What Can Be Pardoned?
Yonatan Zunger

The entire question of criminal charges against a sitting President is surprisingly unsettled: it’s not even clear whether a sitting President can be criminally charged at all, or whether this would violate the separation of powers. Trump certainly seems to believe that the answer is “no,” including for crimes committed before taking office; but as far as I know, no court has ever ruled on this.

It’s not settled, but most jurists agree that you cannot charge a sitting president. The courts would most likely rule in that way, due to the fact that *if* a sitting President CAN be charged, then any group with anything at all could start throwing crap up against the legal wall that the President would have to take time to respond to.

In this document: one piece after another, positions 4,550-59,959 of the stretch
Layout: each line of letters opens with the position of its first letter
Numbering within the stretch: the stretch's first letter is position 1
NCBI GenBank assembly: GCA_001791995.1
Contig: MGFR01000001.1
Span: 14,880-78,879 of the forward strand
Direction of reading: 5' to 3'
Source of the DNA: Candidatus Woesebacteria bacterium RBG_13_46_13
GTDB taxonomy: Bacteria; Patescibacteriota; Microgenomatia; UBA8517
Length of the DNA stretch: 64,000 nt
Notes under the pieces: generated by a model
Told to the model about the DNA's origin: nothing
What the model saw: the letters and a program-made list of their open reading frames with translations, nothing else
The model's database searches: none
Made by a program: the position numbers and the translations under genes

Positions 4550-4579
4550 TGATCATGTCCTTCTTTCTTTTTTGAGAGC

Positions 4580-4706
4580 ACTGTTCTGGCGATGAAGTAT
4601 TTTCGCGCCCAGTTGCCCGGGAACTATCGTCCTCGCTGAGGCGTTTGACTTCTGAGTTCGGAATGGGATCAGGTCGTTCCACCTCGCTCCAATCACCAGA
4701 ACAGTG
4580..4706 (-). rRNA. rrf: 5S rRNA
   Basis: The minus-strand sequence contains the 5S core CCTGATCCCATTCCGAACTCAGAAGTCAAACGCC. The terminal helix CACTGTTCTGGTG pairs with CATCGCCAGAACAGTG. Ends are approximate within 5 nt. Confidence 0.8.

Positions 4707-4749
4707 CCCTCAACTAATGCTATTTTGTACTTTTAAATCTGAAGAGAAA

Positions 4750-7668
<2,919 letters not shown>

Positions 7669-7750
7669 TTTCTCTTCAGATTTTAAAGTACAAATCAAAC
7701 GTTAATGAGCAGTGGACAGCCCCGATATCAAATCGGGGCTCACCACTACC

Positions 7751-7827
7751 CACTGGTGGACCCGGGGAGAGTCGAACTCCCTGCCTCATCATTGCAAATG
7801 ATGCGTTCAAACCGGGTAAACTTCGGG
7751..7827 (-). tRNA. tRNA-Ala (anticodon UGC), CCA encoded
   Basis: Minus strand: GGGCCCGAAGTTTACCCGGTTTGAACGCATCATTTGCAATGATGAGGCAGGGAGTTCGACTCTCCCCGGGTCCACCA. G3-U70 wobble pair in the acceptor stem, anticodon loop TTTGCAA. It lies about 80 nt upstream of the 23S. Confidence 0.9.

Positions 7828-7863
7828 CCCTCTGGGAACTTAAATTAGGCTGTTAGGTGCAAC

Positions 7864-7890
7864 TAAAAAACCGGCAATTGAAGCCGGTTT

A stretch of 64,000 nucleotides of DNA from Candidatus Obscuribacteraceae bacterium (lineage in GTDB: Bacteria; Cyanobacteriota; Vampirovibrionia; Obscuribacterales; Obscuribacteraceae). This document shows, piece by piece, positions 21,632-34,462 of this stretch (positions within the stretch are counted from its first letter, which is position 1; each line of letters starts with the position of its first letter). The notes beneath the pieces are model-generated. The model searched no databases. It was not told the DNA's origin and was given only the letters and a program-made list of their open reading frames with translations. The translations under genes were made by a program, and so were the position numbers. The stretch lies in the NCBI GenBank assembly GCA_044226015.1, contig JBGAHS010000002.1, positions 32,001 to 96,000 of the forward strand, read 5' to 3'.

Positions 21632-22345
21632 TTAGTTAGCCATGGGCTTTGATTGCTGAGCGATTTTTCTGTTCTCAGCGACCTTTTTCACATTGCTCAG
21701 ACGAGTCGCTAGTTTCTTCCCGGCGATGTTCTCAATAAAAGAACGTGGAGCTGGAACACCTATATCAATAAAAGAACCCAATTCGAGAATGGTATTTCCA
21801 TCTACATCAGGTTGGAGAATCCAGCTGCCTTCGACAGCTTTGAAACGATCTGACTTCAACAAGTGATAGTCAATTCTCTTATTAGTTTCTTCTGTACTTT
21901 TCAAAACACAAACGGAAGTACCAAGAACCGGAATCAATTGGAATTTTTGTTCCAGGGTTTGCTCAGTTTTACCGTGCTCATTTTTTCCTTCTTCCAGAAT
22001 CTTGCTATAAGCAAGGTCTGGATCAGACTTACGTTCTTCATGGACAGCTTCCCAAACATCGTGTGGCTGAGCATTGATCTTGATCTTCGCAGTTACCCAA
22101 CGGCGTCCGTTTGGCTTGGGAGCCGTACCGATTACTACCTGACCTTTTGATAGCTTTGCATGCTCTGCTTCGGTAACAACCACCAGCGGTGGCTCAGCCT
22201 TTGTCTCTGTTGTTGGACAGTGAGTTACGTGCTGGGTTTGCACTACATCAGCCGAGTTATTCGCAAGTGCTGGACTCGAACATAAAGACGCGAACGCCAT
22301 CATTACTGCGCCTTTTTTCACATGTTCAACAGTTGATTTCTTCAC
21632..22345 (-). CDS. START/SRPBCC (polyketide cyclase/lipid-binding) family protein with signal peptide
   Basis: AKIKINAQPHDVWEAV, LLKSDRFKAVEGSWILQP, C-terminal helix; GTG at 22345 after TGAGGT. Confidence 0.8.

IOW, the courts could be used as an obstruction device against a president with which you disagree. That’s pretty third world.

Mueller charges one or more of Trump’s co-conspirators with a bunch of federal crimes, including conspiracy. If Trump pardons them, he immediately files a new conspiracy charge, now alleging the pardon itself as an overt act.

If it’s ruled you can’t charge a sitting President, then he can’t. Point’s moot. This can all occur, but it has to wait until Trump is out of office.

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